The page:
UK accused of letting private equity ‘cash in’ on loans

The government has been accused of letting private equity groups “cash in” on state-backed coronavirus loans, by allowing the companies that they own to use the funding to cover the costs of the large debts used to buy them.

In September, ministers loosened the rules around government-guaranteed loans, making it easier for companies laden with debts as part of their takeover by private equity groups to secure funding to survive the Covid-19 pandemic.

Under the leveraged buyout model used by the private equity industry, the companies they buy take on the debts used for the acquisitions, and become responsible for repaying the borrowings and the interest due on them.

Darren Jones, Labour chair of the House of Commons business, energy and industrial strategy committee, said the government’s decision last month to give private equity-owned groups easier access to loans backstopped by the taxpayer could amount to “allowing private equity owners to cash in while, in some cases, they sit on mountains of cash”.

Mr Jones, whose committee scrutinises decisions made by the business department, said he was concerned that state-backed loans might be used by private equity-owned companies to repay their takeover debts.

“If private equity firms are receiving this public money then there should be some conditionality around their commitment to protecting jobs and helping UK businesses get through this pandemic,” he said. 

Mr Jones was speaking after he published a letter from business secretary Alok Sharma about the issue.

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Mr Sharma said in the letter that, after opening certain government-backed Covid-19 loan schemes to some private equity-owned companies that were previously blocked, the government “does not propose to introduce further conditionalities”. 

All businesses applying for support are subject to restrictions on dividends, and other shareholder and management payments, added Mr Sharma.

The state-backed loans “are designed to support [small and medium-sized enterprises] during the coronavirus outbreak”, said a spokesman for the British Business Bank, the state-owned organisation that administers the government-guaranteed loan schemes.

“Whilst management buyouts are not excluded, the facility must be for business purposes and must provide an economic benefit to the business.”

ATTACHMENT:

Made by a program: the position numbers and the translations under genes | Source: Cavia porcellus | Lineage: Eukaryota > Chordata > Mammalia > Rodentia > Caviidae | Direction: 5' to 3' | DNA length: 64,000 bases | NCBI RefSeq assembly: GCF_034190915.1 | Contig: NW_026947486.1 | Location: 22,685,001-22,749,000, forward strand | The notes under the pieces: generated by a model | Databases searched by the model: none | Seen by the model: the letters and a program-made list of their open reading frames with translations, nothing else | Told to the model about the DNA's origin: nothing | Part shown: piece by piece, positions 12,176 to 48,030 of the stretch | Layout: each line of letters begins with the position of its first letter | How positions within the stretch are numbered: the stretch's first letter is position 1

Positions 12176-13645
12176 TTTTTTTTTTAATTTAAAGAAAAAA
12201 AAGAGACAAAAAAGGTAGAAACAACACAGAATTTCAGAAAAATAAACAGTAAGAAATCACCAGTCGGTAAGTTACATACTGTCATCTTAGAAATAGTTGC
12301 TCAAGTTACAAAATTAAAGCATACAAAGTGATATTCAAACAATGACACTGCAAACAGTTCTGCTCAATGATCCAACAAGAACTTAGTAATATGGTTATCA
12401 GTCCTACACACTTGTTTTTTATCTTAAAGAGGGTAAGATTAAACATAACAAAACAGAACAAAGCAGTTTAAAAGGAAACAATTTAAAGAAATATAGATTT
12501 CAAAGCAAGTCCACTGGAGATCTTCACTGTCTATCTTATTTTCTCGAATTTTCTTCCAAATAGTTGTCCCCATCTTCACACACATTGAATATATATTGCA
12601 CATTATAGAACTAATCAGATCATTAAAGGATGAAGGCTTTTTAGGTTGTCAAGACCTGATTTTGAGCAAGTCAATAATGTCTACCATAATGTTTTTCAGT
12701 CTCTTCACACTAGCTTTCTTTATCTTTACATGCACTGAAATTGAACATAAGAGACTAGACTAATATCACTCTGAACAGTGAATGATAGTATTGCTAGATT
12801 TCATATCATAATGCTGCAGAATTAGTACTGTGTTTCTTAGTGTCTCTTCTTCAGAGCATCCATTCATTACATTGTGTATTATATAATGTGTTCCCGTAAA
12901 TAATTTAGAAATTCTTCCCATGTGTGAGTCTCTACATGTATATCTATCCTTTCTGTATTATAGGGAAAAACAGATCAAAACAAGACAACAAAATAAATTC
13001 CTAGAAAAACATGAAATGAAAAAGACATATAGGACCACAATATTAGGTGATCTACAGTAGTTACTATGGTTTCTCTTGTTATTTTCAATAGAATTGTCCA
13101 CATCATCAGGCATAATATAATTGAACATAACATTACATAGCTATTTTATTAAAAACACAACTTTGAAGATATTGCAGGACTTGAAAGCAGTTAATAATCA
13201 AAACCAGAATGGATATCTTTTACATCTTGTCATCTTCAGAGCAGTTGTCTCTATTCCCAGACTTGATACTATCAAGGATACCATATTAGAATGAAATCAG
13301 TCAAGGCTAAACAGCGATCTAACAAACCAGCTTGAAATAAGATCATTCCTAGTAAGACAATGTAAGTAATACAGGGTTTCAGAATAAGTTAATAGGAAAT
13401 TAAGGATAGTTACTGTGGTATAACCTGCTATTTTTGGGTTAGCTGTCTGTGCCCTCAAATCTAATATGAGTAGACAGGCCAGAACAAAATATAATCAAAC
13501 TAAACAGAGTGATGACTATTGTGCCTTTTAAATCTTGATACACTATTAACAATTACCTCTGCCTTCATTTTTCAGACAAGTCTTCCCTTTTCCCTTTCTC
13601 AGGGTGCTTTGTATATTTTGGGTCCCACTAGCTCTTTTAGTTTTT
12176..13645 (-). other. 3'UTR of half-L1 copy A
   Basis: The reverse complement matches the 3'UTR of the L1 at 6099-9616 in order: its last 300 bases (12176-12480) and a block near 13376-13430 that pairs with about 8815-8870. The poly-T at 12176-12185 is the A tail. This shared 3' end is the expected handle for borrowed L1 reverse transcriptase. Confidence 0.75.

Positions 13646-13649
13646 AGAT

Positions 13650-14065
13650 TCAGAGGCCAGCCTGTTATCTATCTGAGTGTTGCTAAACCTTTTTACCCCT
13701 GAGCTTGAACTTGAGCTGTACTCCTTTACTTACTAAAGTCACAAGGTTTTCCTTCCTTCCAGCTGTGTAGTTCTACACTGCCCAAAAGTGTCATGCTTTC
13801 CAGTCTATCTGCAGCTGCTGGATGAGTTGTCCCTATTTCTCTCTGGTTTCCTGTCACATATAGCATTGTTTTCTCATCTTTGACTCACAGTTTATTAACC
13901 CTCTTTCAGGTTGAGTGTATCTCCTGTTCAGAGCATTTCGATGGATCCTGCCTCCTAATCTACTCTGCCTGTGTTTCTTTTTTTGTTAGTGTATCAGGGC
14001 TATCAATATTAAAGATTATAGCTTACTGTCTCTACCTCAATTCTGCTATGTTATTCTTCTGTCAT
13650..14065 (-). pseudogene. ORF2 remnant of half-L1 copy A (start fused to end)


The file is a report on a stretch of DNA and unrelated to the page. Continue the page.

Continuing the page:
Buyout groups have been lobbying for months to secure easier access to the government’s coronavirus loan schemes, saying EU state-aid rules effectively stopped the companies they owned from obtaining support that was available to rival businesses.

Private equity groups “are very conscious of the eligibility criteria” for the state-backed loans, said a spokesman for the British Private Equity and Venture Capital Association, a lobby group.

“All recipients appreciate the nature of the support being provided and the necessary conditions which the government has applied.” 

The private equity industry has invested in some of the sectors hardest-hit by the pandemic, including the events and hospitality industries.

The Treasury said its loan schemes had provided a lifeline to thousands of businesses across the UK.

“We announced in May that firms taking out large loans must restrict dividends and senior pay, so that funding provided is prioritised for protecting jobs and keeping firms operational,” it added.

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Meanwhile, Mr Jones questioned why the government had not yet published the names of companies that have borrowed more than €100,000 in state-backed loans, including through the future fund, which offers convertible debt to start-ups.

MPs and transparency campaigners have been calling on the Treasury to shed more light on who has obtained loans.

However, officials are still not clear about what exactly they are required to publish, said two people briefed on the matter.

Small business minister Paul Scully last week said the “earliest possible deadline for publishing details . . . would be 23 March 2021”.


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